Small Business Trends has been profitable almost from the beginning, with no outside investment or debt. The success of the website comes down to the fact that Anita, and those she has hired, are really good at making quality, profitable content.

Since 2004, smallbiztrends.com had used Google AdSense and was working with advertisers directly to accrue revenue. However, the volume of traffic and the amount of revenue coming in were not correlating appropriately, so she and her associates began to question: what are we missing?

In 2018, Small Business Trends underwent a massive content updating process and also started using Ezoic’s machine learning to better monetize their ad inventory. Within a year, Small Business Trend’s EPMV (earnings per thousand visitors) increased by 600%.

 massive content updating process

The 80/20 rule applies to your website content

In addition to an increase in ad revenue, Anita and her team found value in the content tools and analytics on the Ezoic platform to better understand the performance and shortcomings of their content.

What they learned from this data was that Small Business Trends was earning 80% of their revenue from about 20% of the pages on their site, meaning 80% of the content on their website wasn’t very profitable. Additionally, Anita and her team saw that not only were they making the majority of their revenue from a small number of pages but that the most profitable content was also their more seasoned content. So they asked themselves

“If we’re earning X amount from 20% our current pages, what would happen if we were able to earn 40% from our existing content?”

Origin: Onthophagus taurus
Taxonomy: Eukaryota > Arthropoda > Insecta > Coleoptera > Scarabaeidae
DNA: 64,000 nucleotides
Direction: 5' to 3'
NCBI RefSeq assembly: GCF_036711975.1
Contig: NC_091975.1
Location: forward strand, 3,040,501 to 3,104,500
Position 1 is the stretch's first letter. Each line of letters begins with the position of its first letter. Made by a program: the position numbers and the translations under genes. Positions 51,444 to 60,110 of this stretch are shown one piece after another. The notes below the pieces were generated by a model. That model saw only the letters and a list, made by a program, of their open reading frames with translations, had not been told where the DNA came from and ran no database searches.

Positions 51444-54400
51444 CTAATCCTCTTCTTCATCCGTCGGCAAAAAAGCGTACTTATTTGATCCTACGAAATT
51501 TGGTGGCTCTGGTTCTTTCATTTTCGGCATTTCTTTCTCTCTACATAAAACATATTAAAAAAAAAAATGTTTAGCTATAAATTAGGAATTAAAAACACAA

With this in mind, they dove back into their archives to analyze which pages they could clean up and give better visibility.

The 80/20 rule applies to your website content

CTO of Small Business Trends, Leland McFarland, set up an SEO audit using SEMRush to audit and crawl the website. Based on the information they gathered, they set up the following priorities: technical, content, architecture, and design.

They structured many of the principles of their outdated content strategy around information Ezoic’s own Tyler Bishop had shared at a previous Pubtelligence.

How to technically fix old content

Small Business Trends began with technical fixes: if search engines can’t crawl a website’s pages and users can’t access those pages, it will naturally impact revenue and traffic. Technical fixes also have more concrete steps and results than other parts of operating a digital publication.

How to technically fix old content

As Leland discovered, Small Business Trends had many broken pages and links.

The first time the site was crawled, it pulled about 600,000 issues of varying severity: almost 10,000 errors and over 11,000 broken links were flagged. The flags were then split up into manageable pieces and organized into a schedule that their team updated weekly.

broken pages and links.

content schedule

Small Business Trends usually publishes about 50 articles per week but during their tech clean up, that was scaled back to around 36 articles per week. The publication also had to turn down some labor-intensive deals, which would have potentially brought in immediate revenue.